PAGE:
The White House and the U.S. Department of Defense (DOD) partnered with the Texas A&M Engineering Experiment Station (TEES) to host a summit in Westlake, Texas, today in an effort to improve the supply chain resilience of critical materials.
“TEES is uniquely positioned at the intersection of technology, workforce development, economics and policy to foster innovations that can advance our nation’s global competitiveness,” said Dr. John E. Hurtado, interim vice chancellor for engineering and interim director of TEES. “We are proud to join government and industry leaders to offer our expertise in solving manufacturing challenges to accelerate national security innovation and secure the future of the U.S. industrial base.”
The summit convened key stakeholders and industry leaders to discuss the significance of restoring the U.S. rare earth magnetics supply chain, how global supply chain complexities impact domestic defense production capacity and the importance of small business innovation to defense industrial base capabilities.
“TEES is honored to have been selected as the White House and Department of Defense regional partner in response to Executive Order 14017,” said Rob Gorham, executive director for manufacturing initiatives at TEES and the SecureAmerica Institute. “The future of U.S. national and economic security depends on a whole-of-nation approach, and this summit reinforces our commitment to addressing manufacturing supply chain challenges of the 21st century.”
Executive Order 14017 also called for a comprehensive review of supply chains in critical sectors. A resilient, diverse, robust and secure supply chain ensures the development and sustainment of capabilities crucial to national security. Recommendations from speakers provided the DOD with insight to develop a strategic roadmap to reinvigorate the defense industrial base capabilities.
“Increasing supply chain resilience across all defense-critical sectors remains a top priority for the department,” said Deborah Rosenblum, performing the duties of assistant secretary of defense for industrial base policy. “A resilient defense industrial base is a critical element of U.S. power and provides an enduring advantage. To build resilience, the DOD must use all of its tools in addition to collaborating with the interagency, international and industry partners.”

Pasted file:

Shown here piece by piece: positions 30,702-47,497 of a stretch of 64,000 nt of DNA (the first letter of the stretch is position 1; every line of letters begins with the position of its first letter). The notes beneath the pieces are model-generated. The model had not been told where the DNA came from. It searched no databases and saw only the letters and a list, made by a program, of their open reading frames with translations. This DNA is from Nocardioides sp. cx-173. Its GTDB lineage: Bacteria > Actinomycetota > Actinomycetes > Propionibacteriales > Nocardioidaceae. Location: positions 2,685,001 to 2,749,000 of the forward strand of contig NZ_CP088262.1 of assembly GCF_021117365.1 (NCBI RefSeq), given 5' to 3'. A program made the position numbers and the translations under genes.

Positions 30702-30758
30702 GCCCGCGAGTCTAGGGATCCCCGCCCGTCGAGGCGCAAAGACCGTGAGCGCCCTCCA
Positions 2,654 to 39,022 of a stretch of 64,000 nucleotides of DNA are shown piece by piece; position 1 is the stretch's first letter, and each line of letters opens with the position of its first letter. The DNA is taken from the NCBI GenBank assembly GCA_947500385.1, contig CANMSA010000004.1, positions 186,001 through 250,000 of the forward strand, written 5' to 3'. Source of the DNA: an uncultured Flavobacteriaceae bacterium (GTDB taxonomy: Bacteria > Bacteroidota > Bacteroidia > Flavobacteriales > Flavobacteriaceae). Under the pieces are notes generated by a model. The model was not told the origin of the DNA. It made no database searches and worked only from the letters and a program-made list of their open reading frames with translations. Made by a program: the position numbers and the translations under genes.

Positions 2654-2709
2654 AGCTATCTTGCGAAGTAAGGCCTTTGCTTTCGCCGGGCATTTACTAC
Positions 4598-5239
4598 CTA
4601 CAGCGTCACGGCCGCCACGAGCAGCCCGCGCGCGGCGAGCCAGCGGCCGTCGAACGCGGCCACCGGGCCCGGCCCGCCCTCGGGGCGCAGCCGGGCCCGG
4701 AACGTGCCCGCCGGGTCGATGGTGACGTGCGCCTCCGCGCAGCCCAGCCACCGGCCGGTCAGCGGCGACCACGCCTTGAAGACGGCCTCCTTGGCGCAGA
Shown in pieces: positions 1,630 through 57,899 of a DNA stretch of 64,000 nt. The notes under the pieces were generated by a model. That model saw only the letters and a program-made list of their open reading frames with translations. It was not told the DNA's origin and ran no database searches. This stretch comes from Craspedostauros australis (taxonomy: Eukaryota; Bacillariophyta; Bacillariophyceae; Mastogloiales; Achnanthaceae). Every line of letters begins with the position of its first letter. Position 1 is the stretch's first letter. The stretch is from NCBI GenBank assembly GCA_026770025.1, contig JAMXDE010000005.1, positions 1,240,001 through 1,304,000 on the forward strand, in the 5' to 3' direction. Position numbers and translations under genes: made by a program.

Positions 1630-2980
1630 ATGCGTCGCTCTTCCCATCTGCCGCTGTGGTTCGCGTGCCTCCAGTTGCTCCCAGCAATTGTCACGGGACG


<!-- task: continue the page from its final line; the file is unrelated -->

The national resolve to fortify America’s supply chains through initiatives like those contained in the Biden-Harris Administration’s Bipartisan Innovation Act as well as the House Armed Services Committee’s critical supply chain task force will help support and accelerate domestic supply of critical materials in Texas and across the country.
During the COVID-19 pandemic, global supply chains shifted to domestic capabilities, revealing fragility in the modern supply chain structure. Strengthening the U.S. manufacturing and industrial base will require converging industry, academia and government stakeholders to redesign supply chain networks to ensure vital needs of the nation are met throughout manufacturing disruptions. This summit demonstrated a commitment to renewing and revitalizing U.S. manufacturing. By actively engaging with government at all levels, the defense industrial base is building resiliency and establishing a network of domestic and allied supply chains to meet national security needs.